Does Twitter Matter?


Many people question the value of twitter and if it can really make an impact for an educator. After nearly two years as a user, I can say with little hesitation that twitter has impacted my life in ways both subtle and profound.

Impacted my students
Clearly anything that a teacher spends a significant amount of time engaging in and claiming it is “PD” should benefit the students, right? Well that is certainly true in my case. Due to connections I have made on twitter, my students have be able to make connections as well. They have engaged in the Collaboreyes Project as well as Skyped with classes in different parts of the country. That is not to say I could not do this without twitter, but twitter certainly made those connections easier to create and foster.

In addition, there have been countless times I have reached out to my PLN to help my students. I was able to have my students connect to experts while doing research as well as gain primary sources. Another huge benefit has been the innumerable resources I have been able to give my students through the sharing I have done on twitter.

Impacted my teaching
There has been numerous ways in which twitter has helped my teaching. Probably the simplest way is through the conversations I have been able to participate in. Some of the easiest to get involved in are the various chats that take place weekly and use a hashtag to follow. It was through these chats that I learned about the Hole in the Wall Theory that framed a research project and guided much of my teaching. I gained numerous resources for teaching Social Science with the help of the great folks at #SSCHAT. I have also been challenged about my beliefs on homework, grades and overall teaching beliefs on a regular basis that has helped shape what I think of as my own teacher identity.

Another specific thing I pulled from twitter was connecting with Daniel Pink and chatting with him about his work and book, Drive. His work and conversations sparked Innovation Day at our school that has gotten national attention. In addition, I was actually able to sit in Pink’s house and talk with him about education, business and how the two can intersect.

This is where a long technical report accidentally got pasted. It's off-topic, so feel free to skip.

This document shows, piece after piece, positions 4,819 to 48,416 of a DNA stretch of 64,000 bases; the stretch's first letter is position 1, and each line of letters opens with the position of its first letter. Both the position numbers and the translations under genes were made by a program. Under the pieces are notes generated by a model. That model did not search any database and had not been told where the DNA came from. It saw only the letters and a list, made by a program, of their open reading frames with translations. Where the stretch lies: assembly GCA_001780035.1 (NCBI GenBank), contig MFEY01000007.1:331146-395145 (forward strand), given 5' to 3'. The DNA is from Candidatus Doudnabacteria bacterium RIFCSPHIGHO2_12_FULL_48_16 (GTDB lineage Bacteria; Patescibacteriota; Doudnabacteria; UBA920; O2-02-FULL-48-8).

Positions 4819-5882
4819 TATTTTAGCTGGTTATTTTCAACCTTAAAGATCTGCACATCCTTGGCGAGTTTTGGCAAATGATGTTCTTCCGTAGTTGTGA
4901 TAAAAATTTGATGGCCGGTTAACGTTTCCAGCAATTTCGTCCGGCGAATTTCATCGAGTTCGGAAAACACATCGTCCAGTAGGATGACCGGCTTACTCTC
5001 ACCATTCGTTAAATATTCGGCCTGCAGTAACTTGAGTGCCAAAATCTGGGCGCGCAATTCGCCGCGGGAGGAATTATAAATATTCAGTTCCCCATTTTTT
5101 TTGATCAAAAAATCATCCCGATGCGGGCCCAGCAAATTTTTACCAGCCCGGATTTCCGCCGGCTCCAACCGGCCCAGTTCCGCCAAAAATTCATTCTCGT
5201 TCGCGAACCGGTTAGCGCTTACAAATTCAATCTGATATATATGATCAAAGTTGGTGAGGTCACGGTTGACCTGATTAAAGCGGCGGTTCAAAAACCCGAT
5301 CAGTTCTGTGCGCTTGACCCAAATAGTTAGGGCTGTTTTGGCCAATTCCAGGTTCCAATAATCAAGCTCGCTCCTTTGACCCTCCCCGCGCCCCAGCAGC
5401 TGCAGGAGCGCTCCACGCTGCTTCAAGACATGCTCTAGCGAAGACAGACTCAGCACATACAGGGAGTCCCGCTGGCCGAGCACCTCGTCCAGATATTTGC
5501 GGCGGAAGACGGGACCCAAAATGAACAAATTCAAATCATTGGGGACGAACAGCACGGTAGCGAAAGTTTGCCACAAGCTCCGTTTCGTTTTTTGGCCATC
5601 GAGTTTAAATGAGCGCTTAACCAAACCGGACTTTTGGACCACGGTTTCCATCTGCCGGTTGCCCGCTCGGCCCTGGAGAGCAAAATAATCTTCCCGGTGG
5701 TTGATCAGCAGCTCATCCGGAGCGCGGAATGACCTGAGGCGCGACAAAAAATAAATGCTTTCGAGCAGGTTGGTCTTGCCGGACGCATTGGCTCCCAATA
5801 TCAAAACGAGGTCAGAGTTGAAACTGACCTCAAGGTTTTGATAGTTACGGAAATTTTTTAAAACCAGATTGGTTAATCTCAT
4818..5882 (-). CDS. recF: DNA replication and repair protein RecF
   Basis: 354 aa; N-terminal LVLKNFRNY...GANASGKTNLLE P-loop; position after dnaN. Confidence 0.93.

Impacted my life
The impact on my life goes far beyond just making me a better teacher and yet related. I firmly believe that the work I did this past year as a teacher was driven in large part to the learning I was doing on twitter. It is because of this renewed approach to teaching and the connections I made that lead to some of the recognition I received for my teaching this past year. As a result of these recognitions I have been able to meet the President, fulfill a lifelong dream and do things and meet people I never thought were possible. Some people might think twitter is trivial, but I can honestly say it has changed my life.

Impacted my family
The impact on my family is both negative and positive as one can imagine. I have had to work to provide balance in my twitter use so as not to neglect my roles as a parent and husband. This might seem silly, but it is something that must be put into perspective. However, the impact of my twitter “folks” was illustrated perfectly last month when I attended ISTE in San Diego. Prior to attending the conference my wife had hip surgery to repair damaged cartilage and some bone irregularities. Now the surgery was not that invasive but she was laid up and out of commission. Right before I was preparing to leave for ISTE the doctors found a blood clot in my wife’s leg during a follow up which was incredibly scary for both of us. I tweeted out something about it and within minutes I was flooded with well wishes and prayer notes. Now, this is to be expected as most people are human and this is something we do. Yet, what I didn’t expect was the number of people that sought me out in person in San Diego to see how my wife was doing out of genuine concern. Even today, several weeks later, I am still having folks tweet me to ask how my wife is doing. This is not the part of twitter that most people are seeking when they “join up” but it is a real aspect as personal connections are powerful and meaningful.

If you know someone that is not on twitter…harass them a little bit more to jump in the water. I am not going to say twitter is for everyone, but it is certainly for me as I get way more out of it that I originally bargained for. 

9 comments:

Nicole Cremeens said...

Up until a few months ago, I was one of those people who didn't want to give twitter a shot. Then I started researching flipped classroom and met Cheryl Morris, who suggested I follow her on twitter and introduced me to lots of educators. From that moment on, I definitely saw what I had been missing. I have gotten so many ideas that will impact my students and teaching, that I don't know how I ever lived without it. Great post!